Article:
Friday, May 12, 2006

Beach Life - St Ives Style

If you go to the seaside in Britain in Spring, you just don't know what you are going to experience. Predictably though it was lashing with rain, but the sight which greeted us in St. Ives was like nothing I had ever seen before. The sand had a beautiful luminescence which gave off a warming glow beneath the lowering clouds, and caused us to forget the appalling weather. In front of this apparition, right on the edge of the beach itself stood the object of our mission, the Porthminster Cafe.

We hadn't booked, as the rain had upset our plans and to console ourselves we had headed for some great food. We had read a review in the Guardian, the week before our trip, so we knew where we might find it. We were not that early either, but the friendly staff went out of their way to find us a table, with a shortish wait under the awning, next to the patio heater, with that great view of the beach.

The delay had made us even more ravenous, as we eyed the cheerful diners in the dry of the stylish restaurant itself, but the lateness of the hour meant that this would be a strictly two course affair: we had to see Tate St. Ives after all. Two of us opted for Crab Linguine for mains, with the youngest trying the goat's cheese tart, and for myself, the Sea Bream. This was Cornwall, and we were near the Atlantic, so dishes prepared with the sea's bounty were definitely on our menu, and luckily were on theirs.

The fish was served whole and was a revelation, with the skin producing a depth of flavour I had only previously experienced with, say, a grilled sardine. The flesh was perfectly cooked beneath and was a foil to the more piquant covering, which I had nearly discarded. Reports of the crab linguine were excellent, with the super-fresh shredded meat suspended within the arms of the willowy pasta. The youngest member of the party managed to polish off the goat's cheese tart, as we had to delay lunch almost to the point of starvation. The things we do to bring you these reports! Apparently, the tart had crusty flaky pastry surrounding the oozing cheese, and was 'really lovely'.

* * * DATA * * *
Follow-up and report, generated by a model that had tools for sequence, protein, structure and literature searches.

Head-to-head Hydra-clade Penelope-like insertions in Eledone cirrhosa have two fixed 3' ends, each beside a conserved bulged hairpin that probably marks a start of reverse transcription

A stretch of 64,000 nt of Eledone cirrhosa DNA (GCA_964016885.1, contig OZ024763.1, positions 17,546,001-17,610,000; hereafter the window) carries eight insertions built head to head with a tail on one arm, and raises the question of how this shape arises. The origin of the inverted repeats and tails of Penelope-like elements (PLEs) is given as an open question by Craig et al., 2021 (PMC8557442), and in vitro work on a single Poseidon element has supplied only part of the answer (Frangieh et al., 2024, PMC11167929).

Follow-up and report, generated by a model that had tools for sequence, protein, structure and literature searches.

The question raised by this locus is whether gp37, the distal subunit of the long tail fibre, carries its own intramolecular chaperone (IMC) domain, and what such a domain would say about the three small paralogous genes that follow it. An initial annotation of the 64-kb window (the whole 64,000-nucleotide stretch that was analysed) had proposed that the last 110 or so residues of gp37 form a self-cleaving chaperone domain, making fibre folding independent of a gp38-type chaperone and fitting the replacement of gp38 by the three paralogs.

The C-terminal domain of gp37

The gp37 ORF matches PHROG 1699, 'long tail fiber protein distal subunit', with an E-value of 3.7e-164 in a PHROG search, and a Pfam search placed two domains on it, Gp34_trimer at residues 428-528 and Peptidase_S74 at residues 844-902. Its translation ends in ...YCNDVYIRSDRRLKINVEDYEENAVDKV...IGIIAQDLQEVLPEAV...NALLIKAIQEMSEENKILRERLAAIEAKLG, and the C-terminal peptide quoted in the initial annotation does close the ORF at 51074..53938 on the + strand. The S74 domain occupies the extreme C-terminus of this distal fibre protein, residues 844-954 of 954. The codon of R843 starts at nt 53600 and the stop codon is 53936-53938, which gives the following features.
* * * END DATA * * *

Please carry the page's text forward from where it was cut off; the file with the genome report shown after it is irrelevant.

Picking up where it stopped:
For pudding my eldest and I both chose the Tamarillo, which when it arrived turned out to be a poached reddish fruit like a pear, but tasting of boiled sweets. This came with home made vanilla ice-cream, which brought the sweetness down to more manageable levels. The others chose the cold chocolate souffle, which was light, glazed on top and beautifully chocolatey.

And so our journey to the culinary south west was at end and we made our way along the path at the back of the beach, beneath the main railway line into St. Ives, and headed to the cultural destination of the gallery. Yes, it was still raining, but we had sampled the best cooking we found on our short break, and that more than made up for it. Go there.

Friday, May 05, 2006

Cathedrals of the Tin Age

Cornwall is a scarred beauty. It is picturesque yet with a rugged coastline, and pock-marked with injuries it has received in its industrial past. Yet these monuments to its former glory, the winding houses of the old stannary mines are now a symbol or talisman of its tourism-led future.